Liberal Superdelegates Could Face Dilemma Meeting of the minds - superdelegates

Liberal Superdelegates Could Face Dilemma

Liberal Superdelegates Could Face Dilemma

With the 2020 Democratic primary underway, liberals across the country are backing several different candidates leaving liberal superdelegates with a possible dilemna.

With so many contenders still in the race, many pundits believe it’s possible that no one candidate will win a majority of delegates to this summer’s Democratic convention.

If one candidate doesn’t have the pledged delegates she or he needs to win the party’s nomination coming out of the primaries, superdelegates will step in to cast their ballots.

These superdelegates, if called upon at the convention, could face a dilemma. Should they vote for the candidate who won the most support in the primaries, or the candidate they consider most likely to defeat Trump in the general election?

Why might superdelegates need to vote?

During a presidential primary election, a candidate secures delegates based on her or his performance in a given state. These delegates are tallied throughout the primary season, as more states hold their primary elections.

If a candidate secures 1991 out of 3979 total delegates during the primaries, she or he will secure the Democratic Party nomination on the first ballot at the convention, which represents the votes of those delegates.

But if no candidate reaches the 1991 delegate threshold, a second ballot is circulated to both delegates and superdelegates.

Who are the superdelegates?

Superdelegates are elected officials in the liberal party. They are Democratic members of congress, governors, party leaders (such as former presidents), and Democratic National Committee members.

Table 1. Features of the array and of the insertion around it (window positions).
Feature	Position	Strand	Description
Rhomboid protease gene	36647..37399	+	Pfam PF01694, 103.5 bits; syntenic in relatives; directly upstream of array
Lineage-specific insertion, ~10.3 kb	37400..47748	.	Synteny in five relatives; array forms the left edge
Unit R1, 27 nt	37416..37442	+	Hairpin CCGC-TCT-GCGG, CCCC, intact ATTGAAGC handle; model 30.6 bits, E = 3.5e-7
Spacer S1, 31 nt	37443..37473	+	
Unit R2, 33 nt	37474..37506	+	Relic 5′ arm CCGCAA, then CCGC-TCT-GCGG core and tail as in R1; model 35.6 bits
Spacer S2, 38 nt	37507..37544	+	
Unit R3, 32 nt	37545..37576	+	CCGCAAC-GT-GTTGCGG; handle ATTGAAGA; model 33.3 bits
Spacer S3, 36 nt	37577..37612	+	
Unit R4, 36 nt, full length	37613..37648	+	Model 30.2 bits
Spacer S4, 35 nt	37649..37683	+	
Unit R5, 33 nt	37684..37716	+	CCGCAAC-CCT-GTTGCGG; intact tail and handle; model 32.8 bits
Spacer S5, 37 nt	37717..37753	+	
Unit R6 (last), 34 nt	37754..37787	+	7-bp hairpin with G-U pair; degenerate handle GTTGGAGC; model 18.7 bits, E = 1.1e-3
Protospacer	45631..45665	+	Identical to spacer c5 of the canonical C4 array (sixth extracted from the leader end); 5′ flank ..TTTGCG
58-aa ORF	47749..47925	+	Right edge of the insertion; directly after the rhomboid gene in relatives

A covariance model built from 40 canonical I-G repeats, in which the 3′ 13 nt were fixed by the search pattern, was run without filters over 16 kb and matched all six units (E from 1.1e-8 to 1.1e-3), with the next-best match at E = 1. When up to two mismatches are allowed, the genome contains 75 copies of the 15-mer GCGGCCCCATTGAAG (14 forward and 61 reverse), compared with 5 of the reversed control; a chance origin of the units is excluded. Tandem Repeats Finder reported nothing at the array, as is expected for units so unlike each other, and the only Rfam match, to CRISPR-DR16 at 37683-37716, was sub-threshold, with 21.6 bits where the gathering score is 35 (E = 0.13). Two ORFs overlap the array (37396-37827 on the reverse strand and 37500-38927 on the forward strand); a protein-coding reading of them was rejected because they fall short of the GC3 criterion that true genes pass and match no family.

Some superdelegates have half votes. No superdelegate has more than one vote, even if she or he fits into more than one of the qualified groups (i.e. someone who is both a congressman and a party leader).

The dilemma superdelegates could face

While pledged delegates are expected to vote in line with the electorate they represent, superdelegates are not. Superdelegates may choose to back the candidate who gets the most popular votes and delegates during the primary, but they may also deviate from the norm and back the candidate they consider most electable, instead.

Given the early trends in the primaries, it seems possible that no candidate will secure 1991 delegates and that a second ballot will be required this year. Hence there has been a movement to stop Bernie Sanders. In that case, superdelegates could face a real dilemma: should they elect the most popular candidate, representing the wishes of the plurality of the electorate, or should they elect the candidate they believe will perform best in the general election?

Far-reaching implications for the party and country

If superdelegates are called on to vote this year, the implications of their decision will be far-reaching.

To choose a candidate other than the popular candidate could alienate some voters, set a questionable precedent, and harm turnout for the general election. But to nominate a candidate who seems unlikely to beat Trump is a big risk for the liberal party.

Determining the best course of action won’t be easy for the superdelegates, and they’ll have to follow their instincts to position the party for victory in November.

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